Better service starts with better agent management

BUSINESS

|
Image: By BiztechAfrica
Better service starts with better agent management

Business competitiveness leans on better customer service. And better customer service starts with better contact centre staff management, says Elingo CEO Ian Goss-Ross.

The importance of contact centre schedule adherence is vastly underrated in South Africa, says Goss-Ross. Often, the task of managing shifts and schedules, and planning for peaks and troughs, is handed to a supervisor or agent as an additional duty. Scheduling is often compiled on a simple spread sheet.

“Too often, this is the case,” he says. “Workforce management as an afterthought is short sighted. It makes it difficult to assess historic and current performance in real time, and doesn’t allow for proper planning.”

Without effective schedule adherence, a contact centre is left with a situation where customers may sit on hold for an unacceptably long period; where insufficient agents are deployed at peak times; and where productivity levels are below the required service levels.

In an industry where staff churn is an ongoing problem, poor agent management can also contribute to employee dissatisfaction – which results in yet more expensive staff turnover.

“Ideally, a call centre should use an agent scheduling system that is fully integrated into all its systems,” says Goss-Ross.

“This allows for automatic scheduling of agents to meet forecasted activity levels at any given time and allows for the adjustment of schedules based on any sudden changes of activity levels.  When fully integrated into the rest of an enterprise system, a scheduling system will also allow a contact centre to allocate tasks according to staff skill sets – so that suitable agents handle particular interaction types – and to take into account factors like meetings, sick leave and annual leave.”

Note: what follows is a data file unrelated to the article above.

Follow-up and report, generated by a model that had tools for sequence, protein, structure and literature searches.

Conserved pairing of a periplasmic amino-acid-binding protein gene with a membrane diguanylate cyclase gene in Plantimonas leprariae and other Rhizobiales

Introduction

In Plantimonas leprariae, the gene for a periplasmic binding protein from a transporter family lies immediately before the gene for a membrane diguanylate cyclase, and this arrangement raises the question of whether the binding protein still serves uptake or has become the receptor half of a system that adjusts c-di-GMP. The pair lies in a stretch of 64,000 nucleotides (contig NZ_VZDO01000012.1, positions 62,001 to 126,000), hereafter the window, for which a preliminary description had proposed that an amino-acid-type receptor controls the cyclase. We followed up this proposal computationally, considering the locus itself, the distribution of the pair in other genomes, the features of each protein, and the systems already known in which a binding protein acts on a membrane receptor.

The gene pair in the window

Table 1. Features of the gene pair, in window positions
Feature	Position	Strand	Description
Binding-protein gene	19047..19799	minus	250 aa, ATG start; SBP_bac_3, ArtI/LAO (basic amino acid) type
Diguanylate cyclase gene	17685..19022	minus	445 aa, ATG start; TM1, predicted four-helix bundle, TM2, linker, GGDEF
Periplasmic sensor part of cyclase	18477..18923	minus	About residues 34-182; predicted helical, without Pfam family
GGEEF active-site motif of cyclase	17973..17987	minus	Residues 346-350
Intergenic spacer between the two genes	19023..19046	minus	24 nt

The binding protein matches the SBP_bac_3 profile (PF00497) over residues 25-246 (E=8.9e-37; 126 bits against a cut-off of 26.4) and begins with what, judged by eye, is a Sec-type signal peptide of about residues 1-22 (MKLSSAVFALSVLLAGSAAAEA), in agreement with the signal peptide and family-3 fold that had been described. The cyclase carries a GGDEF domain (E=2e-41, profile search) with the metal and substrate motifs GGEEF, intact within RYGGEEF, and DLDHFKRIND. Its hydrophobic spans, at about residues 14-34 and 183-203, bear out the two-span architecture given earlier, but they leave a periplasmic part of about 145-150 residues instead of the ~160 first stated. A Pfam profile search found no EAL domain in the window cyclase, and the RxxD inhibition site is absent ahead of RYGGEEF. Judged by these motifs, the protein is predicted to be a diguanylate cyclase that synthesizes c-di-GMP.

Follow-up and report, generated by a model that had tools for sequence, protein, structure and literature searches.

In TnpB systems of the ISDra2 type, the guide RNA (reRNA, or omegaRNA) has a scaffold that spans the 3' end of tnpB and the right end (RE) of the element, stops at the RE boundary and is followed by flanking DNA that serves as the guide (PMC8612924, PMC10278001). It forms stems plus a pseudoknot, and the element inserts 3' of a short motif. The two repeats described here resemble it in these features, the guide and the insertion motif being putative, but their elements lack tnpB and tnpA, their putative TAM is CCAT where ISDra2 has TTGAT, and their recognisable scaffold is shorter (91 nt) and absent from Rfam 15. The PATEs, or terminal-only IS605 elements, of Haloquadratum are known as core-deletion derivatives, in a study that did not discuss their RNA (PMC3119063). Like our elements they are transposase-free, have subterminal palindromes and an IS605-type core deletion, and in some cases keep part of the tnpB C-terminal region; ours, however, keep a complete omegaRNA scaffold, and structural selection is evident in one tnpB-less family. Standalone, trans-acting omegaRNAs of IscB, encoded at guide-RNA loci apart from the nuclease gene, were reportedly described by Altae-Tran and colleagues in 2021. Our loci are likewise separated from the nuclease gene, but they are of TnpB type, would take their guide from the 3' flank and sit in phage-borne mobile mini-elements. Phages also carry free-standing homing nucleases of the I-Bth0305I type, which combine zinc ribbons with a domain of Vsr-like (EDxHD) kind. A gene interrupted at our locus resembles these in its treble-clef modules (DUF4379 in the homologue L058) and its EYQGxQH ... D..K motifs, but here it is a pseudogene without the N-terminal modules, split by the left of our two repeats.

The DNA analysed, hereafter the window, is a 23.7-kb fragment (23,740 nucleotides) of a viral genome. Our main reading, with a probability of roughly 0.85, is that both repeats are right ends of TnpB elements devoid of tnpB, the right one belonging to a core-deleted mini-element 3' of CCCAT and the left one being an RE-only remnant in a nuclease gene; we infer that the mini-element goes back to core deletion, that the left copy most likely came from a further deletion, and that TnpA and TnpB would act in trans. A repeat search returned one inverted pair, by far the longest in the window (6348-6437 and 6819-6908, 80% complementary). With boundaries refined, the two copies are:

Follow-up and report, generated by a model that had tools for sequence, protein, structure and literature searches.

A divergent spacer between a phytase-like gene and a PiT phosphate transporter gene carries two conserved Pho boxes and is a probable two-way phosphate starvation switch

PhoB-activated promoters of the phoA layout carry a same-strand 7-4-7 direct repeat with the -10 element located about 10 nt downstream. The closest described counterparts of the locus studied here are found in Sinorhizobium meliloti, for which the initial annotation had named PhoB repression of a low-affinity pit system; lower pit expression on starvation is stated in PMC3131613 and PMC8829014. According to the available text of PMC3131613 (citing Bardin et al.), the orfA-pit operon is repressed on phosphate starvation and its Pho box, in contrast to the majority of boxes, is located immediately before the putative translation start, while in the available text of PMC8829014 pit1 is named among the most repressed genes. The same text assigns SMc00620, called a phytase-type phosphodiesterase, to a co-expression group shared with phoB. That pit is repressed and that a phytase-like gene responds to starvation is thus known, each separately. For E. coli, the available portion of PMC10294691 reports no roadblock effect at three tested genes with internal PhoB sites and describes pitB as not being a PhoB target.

“To be effective, a contact centre needs to ensure it has the right people in the right place, at the right time for the right interaction type,” says Goss-Ross.  “This not only improves customer satisfaction, cost control and efficiency – it also results in better working conditions for staff.”

And without productive, enthusiastic agents, your contact centre is not likely to respond satisfactorily to customers. “With resources being expensive, effective scheduling and automation in the contact centre maximises investment in these resources, and delivers tangible cost savings,” Goss-Ross says.

“To make better scheduling effective, the process needs to be managed by a manager who really understands their contact centre. In addition, agents need to be incentivised and rewarded for adherence,” says Goss-Ross. 



Share the News

Get Daily Newsletter

comments powered by Disqus

MORE BUSINESS NEWS

Riverbed to be acquired by Thoma Bravo in $3.6bn deal

Riverbed Technology has entered into a definitive agreement to be acquired by leading private equity investment firm Thoma Bravo, LLC and Teachers’ Private Capital, the private investor department of Ontario Teachers’ Pension Plan.  Read More

Egyptian revival spurs MEA PC market growth